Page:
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President ObamaBarack Hussein ObamaObama says US 'desperately needs' Biden legislation ahead of key votes Obamas to break ground Tuesday on presidential center in Chicago A simple fix can bring revolutionary change to health spending MORE’s top spokesman Tuesday congratulated Democratic presidential candidate Hillary ClintonHillary Diane Rodham ClintonDemocrats worry negative images are defining White House Heller won't say if Biden won election Whitmer trailing GOP challenger by 6 points in Michigan governor race: poll MORE for her narrow victory in the Iowa caucuses, but warned that the race could be a long one.
“Obviously, Secretary Clinton has won. So congratulations to her. I am sure they feel good about that, they should,” White House press secretary Josh Earnest said.
Clinton squeaked by rival Sen. Bernie SandersBernie SandersDo progressives prefer Trump to compromise? Texas House Republican tests positive for coronavirus in latest breakthrough case In defense of share buybacks MORE (I-Vt.) on Monday night to claim victory in the nation’s first presidential nominating contest. Despite her victory, many political observers pointed to her razor-thin margin of victory as a sign of weakness.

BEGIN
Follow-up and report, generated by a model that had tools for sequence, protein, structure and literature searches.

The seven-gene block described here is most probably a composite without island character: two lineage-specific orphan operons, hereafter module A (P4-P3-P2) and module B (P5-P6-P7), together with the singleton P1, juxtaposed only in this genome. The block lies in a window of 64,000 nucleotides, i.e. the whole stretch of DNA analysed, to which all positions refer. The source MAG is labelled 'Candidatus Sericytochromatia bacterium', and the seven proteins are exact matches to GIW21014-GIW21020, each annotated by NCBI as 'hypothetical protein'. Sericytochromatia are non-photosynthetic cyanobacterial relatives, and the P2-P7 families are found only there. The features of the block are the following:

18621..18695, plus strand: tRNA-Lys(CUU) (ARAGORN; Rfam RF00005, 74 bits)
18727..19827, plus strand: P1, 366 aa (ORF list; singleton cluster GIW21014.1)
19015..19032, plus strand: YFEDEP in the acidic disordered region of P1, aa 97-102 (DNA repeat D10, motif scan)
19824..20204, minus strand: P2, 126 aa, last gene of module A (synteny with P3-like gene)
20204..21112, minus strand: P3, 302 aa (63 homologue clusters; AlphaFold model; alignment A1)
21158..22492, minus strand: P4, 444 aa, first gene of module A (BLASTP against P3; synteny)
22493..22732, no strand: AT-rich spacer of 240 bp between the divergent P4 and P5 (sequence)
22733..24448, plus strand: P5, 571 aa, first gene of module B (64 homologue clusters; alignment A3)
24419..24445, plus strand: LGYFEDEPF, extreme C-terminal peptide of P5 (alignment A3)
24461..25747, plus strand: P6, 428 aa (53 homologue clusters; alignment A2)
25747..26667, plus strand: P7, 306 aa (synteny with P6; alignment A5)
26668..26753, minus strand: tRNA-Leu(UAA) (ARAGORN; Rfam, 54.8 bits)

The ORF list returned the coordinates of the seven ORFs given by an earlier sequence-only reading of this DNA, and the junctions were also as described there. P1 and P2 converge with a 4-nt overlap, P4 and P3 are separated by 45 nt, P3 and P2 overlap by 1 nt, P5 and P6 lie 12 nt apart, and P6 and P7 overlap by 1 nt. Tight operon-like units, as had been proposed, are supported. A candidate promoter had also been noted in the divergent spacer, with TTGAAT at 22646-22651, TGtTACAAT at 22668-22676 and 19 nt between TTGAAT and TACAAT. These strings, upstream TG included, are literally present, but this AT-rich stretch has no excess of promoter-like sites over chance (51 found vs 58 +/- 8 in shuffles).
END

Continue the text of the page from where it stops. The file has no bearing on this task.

Earnest also applauded Sanders, saying the self-proclaimed democratic socialist’s “passionate following” fired up liberals and helped make the race close.
“This is the first contest in what I expect will be a series of competitive ones,” Earnest said.
“Secretary Clinton knows better than anybody that the path to the Democratic nomination is a long one,” he added, referring to her 2008 upset loss against Obama in Iowa, and subsequent bounce-back win in New Hampshire.
The spokesman predicted that a lengthy Democratic primary would not hobble Clinton for the general election if she does eventually become the nominee, as is expected.
“It’s good for the country, it’s good for the Democratic process,” he said.
Clinton, who served four years as Obama’s secretary of State, is widely believed to be the president’s preferred successor.
Obama made remarks in an interview last week that strongly suggest he supports Clinton over Sanders, but since then has sought to strike a neutral pose in the Democratic nominating contest.